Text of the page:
Augmentation may also include the introduction of new plants in the area that are more delectable to the pest. The pest will then attack those plants instead of going after the more valuable crop. This method can be problematic if done incorrectly. You wouldn’t want to include a plant that attracts different pests to feast on the new dinner offering!
Small scale commercial and home gardens can utilize augmentation by lining their gardens with different plants attractive to pests. Be certain to do your research if you want to go this route. Plant diseases can be transmitted to your garden if any of your new plants happen to harbor them.

The Positivity of Biological Control

When done right, biological control can help protect valuable plants and keep pests at bay. These methods have been in use in some form or another for as long as people have been farming. Putting them to use in your fields or garden can thwart those nasty pests that will destroy your plants. Just remember to perform diligent research on your target and the instrument you intend to use before implementing it.

Written by Guest Expert

Mike Bonds is a green technology advisor for an environmental and pest management firm based in New York City. He enjoys finding alternative approaches to traditional methodologies and also has a big respect for ants.


  1. The problem here is you haven’t said anything beyond the abstract and the theoretical. It’s just that feel-good “natural” stuff all over again.
    Here is a partial list of pests that regularly show up on our little farm:
    Plum curculio
    scab fungus
    codling moth
    apple maggot
    Colorado potato beetle
    Japanese beetle
    downy mildew
    cucumber beetle
    squash vine borer
    round-headed borer
    tomato hornworm
    flea beetle
    marmorated stink bug
    tarnished plant bug
    cabbage looper
    Not to mention voles, woodchucks, deer, and porcupines.
    Which happy little green “organic pest control” do you recommend?

  2. This article didn’t provide a lot of details. The video shows how complicated this can be even in one sector of agriculture, so it’s understandable that this topic would fill volumes to cover thoroughly. But I found it refreshing in the context of this blog. Biological pest control is far more challenging than simply using GMOs and pesticides. It would be great to see more financial support for implementing and researching this sort of IPM in US agriculture, as opposed to a speed up of the chemical treadmill.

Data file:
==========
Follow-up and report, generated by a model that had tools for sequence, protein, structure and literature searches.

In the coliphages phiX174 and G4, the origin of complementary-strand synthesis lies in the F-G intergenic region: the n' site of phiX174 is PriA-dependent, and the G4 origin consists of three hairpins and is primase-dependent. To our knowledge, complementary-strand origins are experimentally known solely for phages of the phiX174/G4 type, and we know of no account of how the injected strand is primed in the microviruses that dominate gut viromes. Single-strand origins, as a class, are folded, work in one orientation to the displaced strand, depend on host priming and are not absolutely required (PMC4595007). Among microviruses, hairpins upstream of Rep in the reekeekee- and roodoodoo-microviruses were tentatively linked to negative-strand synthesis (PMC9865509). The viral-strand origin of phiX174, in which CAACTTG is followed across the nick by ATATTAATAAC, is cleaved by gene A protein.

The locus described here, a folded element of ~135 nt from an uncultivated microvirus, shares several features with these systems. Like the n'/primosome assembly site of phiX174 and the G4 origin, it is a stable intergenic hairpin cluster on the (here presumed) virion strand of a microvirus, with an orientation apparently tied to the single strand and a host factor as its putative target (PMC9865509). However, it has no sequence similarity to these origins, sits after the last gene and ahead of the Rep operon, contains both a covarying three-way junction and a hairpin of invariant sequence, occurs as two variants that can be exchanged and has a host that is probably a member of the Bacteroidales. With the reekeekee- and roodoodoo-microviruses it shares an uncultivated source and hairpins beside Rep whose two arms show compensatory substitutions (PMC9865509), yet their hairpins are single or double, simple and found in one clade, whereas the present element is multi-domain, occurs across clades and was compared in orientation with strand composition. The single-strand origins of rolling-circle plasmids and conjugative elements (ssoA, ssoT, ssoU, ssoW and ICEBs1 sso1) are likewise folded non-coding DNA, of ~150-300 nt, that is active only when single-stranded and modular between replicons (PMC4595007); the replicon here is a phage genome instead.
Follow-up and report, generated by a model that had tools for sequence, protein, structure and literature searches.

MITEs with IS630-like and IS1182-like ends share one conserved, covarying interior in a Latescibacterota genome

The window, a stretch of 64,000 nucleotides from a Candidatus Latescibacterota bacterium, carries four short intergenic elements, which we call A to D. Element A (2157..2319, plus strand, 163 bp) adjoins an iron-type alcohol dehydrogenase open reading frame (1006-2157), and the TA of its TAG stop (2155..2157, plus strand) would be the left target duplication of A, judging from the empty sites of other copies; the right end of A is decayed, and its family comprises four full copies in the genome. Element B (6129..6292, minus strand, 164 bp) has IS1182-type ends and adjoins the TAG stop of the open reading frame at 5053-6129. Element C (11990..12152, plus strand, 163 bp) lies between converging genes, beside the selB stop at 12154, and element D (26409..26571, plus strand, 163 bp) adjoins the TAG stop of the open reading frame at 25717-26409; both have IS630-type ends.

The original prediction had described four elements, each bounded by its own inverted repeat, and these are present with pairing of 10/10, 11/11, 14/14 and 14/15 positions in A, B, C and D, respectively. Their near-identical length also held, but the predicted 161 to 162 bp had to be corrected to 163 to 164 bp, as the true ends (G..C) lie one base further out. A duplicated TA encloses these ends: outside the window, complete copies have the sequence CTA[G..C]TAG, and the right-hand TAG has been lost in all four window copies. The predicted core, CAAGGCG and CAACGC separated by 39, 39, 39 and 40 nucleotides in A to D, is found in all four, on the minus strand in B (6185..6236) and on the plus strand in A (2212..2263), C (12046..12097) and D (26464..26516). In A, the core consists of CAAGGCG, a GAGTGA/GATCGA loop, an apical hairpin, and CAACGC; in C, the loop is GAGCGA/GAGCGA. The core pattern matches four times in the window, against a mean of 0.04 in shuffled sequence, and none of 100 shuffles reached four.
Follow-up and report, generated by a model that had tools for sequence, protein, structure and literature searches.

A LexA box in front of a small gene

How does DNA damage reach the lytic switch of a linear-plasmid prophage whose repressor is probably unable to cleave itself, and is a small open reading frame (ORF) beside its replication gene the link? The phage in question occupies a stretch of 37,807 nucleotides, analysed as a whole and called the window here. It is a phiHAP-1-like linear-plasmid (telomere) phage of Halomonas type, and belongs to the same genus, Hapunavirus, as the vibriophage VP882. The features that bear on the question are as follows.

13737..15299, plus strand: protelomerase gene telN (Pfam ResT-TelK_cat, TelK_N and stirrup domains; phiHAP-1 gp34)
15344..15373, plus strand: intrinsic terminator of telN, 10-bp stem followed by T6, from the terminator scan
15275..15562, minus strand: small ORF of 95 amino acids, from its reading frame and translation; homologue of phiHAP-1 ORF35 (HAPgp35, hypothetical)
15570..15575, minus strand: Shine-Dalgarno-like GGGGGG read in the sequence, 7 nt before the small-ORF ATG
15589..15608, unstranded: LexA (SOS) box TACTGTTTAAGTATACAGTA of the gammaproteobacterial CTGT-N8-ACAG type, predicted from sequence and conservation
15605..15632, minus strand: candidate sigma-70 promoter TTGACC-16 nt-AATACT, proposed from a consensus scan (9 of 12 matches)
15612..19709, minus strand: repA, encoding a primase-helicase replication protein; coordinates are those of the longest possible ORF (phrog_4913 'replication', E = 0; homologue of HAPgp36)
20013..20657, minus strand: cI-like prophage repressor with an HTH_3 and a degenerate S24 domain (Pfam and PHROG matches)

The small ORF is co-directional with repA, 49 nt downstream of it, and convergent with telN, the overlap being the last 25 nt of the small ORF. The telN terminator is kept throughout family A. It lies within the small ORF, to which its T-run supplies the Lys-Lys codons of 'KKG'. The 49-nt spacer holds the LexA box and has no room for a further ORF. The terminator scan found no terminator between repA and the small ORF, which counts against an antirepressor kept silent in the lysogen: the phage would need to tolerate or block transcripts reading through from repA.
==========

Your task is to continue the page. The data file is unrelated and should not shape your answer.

Thanks biofortified

  3. Mlema, There will be more funding when folks such as my self decide such methods may be cost effective and decide to buy and try. The insects, of course, will trip over ways to defeat some of these as well. I have looked at a few methods and am considering. Any disease or fungi I use may be susceptible to resistance and may also lend itself to G.E. use. Local circumstances can effect these products, Predatory insects often fly away if used in fields. My wild guess is that we will see more use of these principles on farms and in G.E. Hopefully we won’t just be enlarging the treadmill. More likely we will, but at least this approach represents more available tactics that we may be able to rotate.

  4. Mr. Wee, For the mammals try grinding up a few of the most vicious hot peppers you can find with some hot water. Let stand for at least a few hours. Strain through an old washrag into a sprayer and then blend up egg whites and pour this into a sprayer. Spray your plants especially the underside of the leave. Deer and most mammals will learn quickly to avoid eating such plants. As they learn I’ve found I don’t need to spray the whole area every time. They seem to understand the smell of the peppers. Please try to learn more about this as I believe there is some potential there. More so with some of your pests than others. And if you find a source of Nosema Locustae please let me know.